Fitness industry hit hard by impacts of COVID-19

Numerous local fitness businesses have been forced to layoff employees, look for creative ways to pull in revenue

Personal trainer and two clients
Photo courtesy of Precision Personal Training

When the first closures were mandated in the state of Washington as a result of COVID-19 back in March, two industries that felt immediate, devastating blows to their business were the restaurant industry and the fitness industry. For some restaurants this ended up forcing them to close their doors indefinitely as the money made through only take-out and delivery orders was simply not enough to sustain the business, while others have managed to stay open by offering take-out, delivery, premade cocktail mixes, gift certificates, etc.

The fitness industry, however, was hit with these closures with very limited options regarding how they would continue to bring in any revenue.

“When this came down, I feel as though (Gov. Jay) Inslee didn’t even consider fitness businesses,” said Cory Gilday, owner of Gilday Sport Conditioning in Vancouver. “Restaurants and bars had some abilities to mitigate their damages by doing take-out, cocktails delivered, online ordering, etc. I’ve been doing some training through Zoom to try and mitigate the damage (to my business) so people keep coming back, but we have no new people coming in, no new revenue. Fitness businesses get forgotten, and the fact that we rely on monthly, weekly and daily visits.”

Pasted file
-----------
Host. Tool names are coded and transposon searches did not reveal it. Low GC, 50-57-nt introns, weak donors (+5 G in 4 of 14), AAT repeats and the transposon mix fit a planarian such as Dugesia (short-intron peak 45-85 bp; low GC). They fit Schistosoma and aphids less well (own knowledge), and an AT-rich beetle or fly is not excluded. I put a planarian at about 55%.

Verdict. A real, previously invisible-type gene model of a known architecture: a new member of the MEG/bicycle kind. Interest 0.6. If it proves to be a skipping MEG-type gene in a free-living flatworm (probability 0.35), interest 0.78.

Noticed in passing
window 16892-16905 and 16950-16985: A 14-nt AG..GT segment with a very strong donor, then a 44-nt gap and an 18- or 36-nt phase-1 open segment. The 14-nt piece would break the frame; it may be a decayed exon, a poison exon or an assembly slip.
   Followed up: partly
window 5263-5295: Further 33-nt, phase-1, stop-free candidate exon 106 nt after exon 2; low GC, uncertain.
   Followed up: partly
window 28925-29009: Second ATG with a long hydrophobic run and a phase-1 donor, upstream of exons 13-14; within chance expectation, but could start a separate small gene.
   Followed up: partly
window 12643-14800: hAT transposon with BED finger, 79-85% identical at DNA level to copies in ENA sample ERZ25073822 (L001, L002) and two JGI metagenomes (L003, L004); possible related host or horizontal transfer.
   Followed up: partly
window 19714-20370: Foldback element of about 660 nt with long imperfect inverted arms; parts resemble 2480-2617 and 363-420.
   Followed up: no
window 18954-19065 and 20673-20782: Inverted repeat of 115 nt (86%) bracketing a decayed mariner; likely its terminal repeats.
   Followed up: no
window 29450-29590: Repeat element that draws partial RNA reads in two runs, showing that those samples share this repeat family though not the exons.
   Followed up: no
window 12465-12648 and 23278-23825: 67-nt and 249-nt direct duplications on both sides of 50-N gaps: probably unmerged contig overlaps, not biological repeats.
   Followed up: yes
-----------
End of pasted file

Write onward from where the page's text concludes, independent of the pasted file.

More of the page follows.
Gilday said he was concerned not so much for himself and his business, but for all of the other small locally owned fitness businesses in the Southwest Washington area. He acknowledged that some of the Small Business Administration programs and funds coming from the state and the federal government may indeed help a bit, but as many small businesses in the area have experienced, these programs have had delays, run out of funds and more.

Trevor Thomas, who owns Precision Personal Training in Vancouver with his wife Lacy, said that much like other countless businesses in the Clark County, Precision has been hit hard by the Stay Home, Stay Healthy Order.

“While of course we respect the need to distance ourselves, this has not been easy from a business standpoint,” Trevor said. “On March 16, we were forced to close our doors. While we sought to offer virtual services, unfortunately the interest was not enough to support our team with a viable wage, forcing Precision to lay off all of our staff. For the interim, we have provided our clients with an online workout guide and videos to help give them direction, while seeking all help to keep our staff afloat.”

Trevor said they have applied for all available financial assistance, including the SBA Economic Injury Disaster Loan (EIDL), the Paycheck Protection Program (PPP) and Gov. Jay Inslee’s Emergency Funding for Small Businesses Grant. He said that while they remain optimistic in waiting for approvals and further funding of the PPP, they would be “amiss” if they didn’t express their concern of what the future holds.

“With so much uncertainty of when we can open, at what capacity and if our clients are ready (from a health or financial perspective), it is certainly a trying time for all of us,” Trevor said. “It is the daily notes of support from our clients that keep us positive. With warm hearts, we look forward to welcoming all of our staff and clients back and will be ready in full force to support their health and fitness endeavors in a safe and sanitized environment.”